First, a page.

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Human rights lawyer: 'We can win reparations fight'

FIGHTING FOR JUSTICE: Lawyer Martyn Day, centre, speaks outside London’s High Court after being given the go-ahead to proceed with the Mau Mau case

IN AN exclusive interview with The Voice, human rights lawyer Martyn Day, a partner at law firm Leigh Day, speaks about the the landmark legal case his firm has taken up: pursuing the British and other European governments for reparations over their role in the slave trade.

Last year his firm successfully negotiated a £22 million compensation package for victims of British torture during the 1950s Mau Mau uprising.

The Voice (TV): Why did you decide to take on this case?
Martyn Day (MD): We were contacted by Ralph Gonsalves, the Prime Minister of St Vincent, last spring [2013]. He is a persuasive man. But [reparations for slavery] is an issue of its time; one that is resonating in British society. Having concluded the Mau Mau case, it seemed to me it was an issue that needed airing significantly. Although it’s a tough case legally, it’s one I felt was a fight worth fighting.

TV: How difficult will it be to win?
MD: The fact that it is a case involving issues that are two to four hundred years old is a massive impediment to a victory. But we feel the morality of the whole thing is very strong and I think there is a real prospect that we will be able to persuade the British Government and other governments of the Western powers to sit round the table and try to resolve it. The morality of the case is massive and I think it will be vey well recognised. William Hague is the foreign secretary who wrote the definitive book on [British abolitionist] William Wilberforce, so we have a foreign secretary who is absolutely knowledgeable about the issue. I hope we get a very sympathetic ear from the British government and have some chance of resolving it.

TV: What is the scale of the case?
MD: We are putting together a package to put to the Caricom leaders next month as to what work is going to need to be done and the process. How much work will depend on the view of the Caricom leaders.

TV: Will you be the person leading the case or will you be working in conjunction with others in the Caribbean?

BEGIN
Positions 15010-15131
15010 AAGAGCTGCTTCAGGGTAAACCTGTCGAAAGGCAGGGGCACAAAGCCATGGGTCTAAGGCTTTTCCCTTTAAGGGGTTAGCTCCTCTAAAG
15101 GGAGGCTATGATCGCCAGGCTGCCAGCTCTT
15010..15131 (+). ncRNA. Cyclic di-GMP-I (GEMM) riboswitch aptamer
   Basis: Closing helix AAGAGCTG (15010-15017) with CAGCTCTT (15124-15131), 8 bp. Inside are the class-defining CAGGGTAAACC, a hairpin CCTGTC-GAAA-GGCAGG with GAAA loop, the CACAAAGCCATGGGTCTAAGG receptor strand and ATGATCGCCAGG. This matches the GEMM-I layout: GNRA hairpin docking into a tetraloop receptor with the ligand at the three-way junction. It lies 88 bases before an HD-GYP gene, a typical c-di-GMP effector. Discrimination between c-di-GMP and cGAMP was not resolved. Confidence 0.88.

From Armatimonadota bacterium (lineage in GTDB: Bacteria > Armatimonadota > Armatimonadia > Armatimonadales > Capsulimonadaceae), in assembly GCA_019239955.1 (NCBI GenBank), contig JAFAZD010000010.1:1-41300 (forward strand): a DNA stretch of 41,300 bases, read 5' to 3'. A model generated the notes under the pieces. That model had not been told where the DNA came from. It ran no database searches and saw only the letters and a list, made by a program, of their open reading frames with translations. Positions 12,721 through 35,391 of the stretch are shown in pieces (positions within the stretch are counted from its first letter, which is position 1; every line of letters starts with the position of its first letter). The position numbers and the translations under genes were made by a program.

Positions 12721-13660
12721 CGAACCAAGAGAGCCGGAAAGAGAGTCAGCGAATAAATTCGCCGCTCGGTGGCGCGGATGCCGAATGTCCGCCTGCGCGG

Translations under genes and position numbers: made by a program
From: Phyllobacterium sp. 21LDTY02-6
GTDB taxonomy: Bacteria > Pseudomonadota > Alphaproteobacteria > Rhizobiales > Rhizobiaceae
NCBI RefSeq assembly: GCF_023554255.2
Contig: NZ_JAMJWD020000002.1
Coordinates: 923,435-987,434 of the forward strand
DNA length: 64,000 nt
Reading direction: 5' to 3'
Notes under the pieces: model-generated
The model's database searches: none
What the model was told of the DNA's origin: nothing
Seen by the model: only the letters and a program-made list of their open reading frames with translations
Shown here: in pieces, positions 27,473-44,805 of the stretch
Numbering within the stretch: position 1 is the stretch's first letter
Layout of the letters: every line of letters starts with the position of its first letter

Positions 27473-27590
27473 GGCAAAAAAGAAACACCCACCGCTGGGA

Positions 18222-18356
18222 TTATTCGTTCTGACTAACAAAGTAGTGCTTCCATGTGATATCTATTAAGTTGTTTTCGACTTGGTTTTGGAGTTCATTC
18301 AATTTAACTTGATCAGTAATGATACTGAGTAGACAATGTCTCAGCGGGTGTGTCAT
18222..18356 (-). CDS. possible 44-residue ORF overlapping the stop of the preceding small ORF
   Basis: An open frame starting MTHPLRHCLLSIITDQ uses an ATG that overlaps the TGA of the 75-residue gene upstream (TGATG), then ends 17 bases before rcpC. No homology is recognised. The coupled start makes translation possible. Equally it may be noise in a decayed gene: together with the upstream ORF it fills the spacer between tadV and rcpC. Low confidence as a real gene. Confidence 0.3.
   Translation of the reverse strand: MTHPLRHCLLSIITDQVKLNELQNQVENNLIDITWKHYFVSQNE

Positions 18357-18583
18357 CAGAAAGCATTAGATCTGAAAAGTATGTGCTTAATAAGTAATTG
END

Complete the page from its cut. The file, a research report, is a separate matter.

MD: Yes, we are leading the legal case. It may be other people might get involved, but we would be bringing the case to the International Courts of Justice (ICJ)…but that is way down the road. At this stage, it is mainly about preparing the case and making sure it’s powerful as possible.

TV: If you were successful, how will the sum of reparations be quantified in monetary terms, taking into consideration current debts owed to Britain. Do you think the governments in question will use this as a negotiation?
MD: That is another thing we are going to be discussing with the Caricom leaders: what is the scale and scope of the claims. There are a lot of issues, but the primary question is, what is the impact of the slave era on the Caribbean today? We are not proposing to claim on behalf of all the individual families who have slavery in their past, but what is the impact today. Debt may well be one of the issues but it’s about welfare, education…[there are a number of] cultural sides to it, a number of different areas we will be wanting to look at to make sure we put a powerful case to the British Government.

TV: Mark Simmonds [the minister for the Caribbean] recently said during a trip to Jamaica that the British government would not back down. How do you plan to overcome this?
MD: I haven’t yet had a case where at the beginning the defendant, whoever that may be, turns around and says: ‘Yeah, we totally agree with you and are going to pay everything that you ask.’ In any case you expect a fight, so it’s for us to persuade the British government that they are wrong and that this is an issue that needs to be resolved now. I’m pretty optimistic that we can do that.”

TV: Can the British government be made by the courts to pay reparations?
MD: I think we have a good chance to persuade the British government to negotiate and if we have to go to court, I am optimistic we would give it a fighting chance. A case as old as this is always going to be a big hurdle to get over, but I wouldn’t get into it if I didn’t feel there was a fighting chance. The intention is for the governments to reach an amicable deal with the Western powers rather than fighting through the courts. If that can’t be done, then we are clear this matter will go before the ICJ.

TV: Regarding the successful Kenyan case, how did you feel about the verdict and what lessons did you learn?
MD: At the beginning, no one would have given us the slightest chance of success with a case that is 50/60 years old. What we learnt from it is that these issues do resonate in courts and in the public imagination and governments are susceptible to both of these issues. These are tough battles and hurdles are high, but they aren’t totally insurmountable. Winning was fabulous, one of the best days of my life.

TV: Do you think it sets a precedent where crimes against humanity are concerned?
MD: The Kenyan case showed where you get extreme treatment like extreme torture or, in this case, slavery, the courts are sympathetic even after 50 years. That was a massive step forward.

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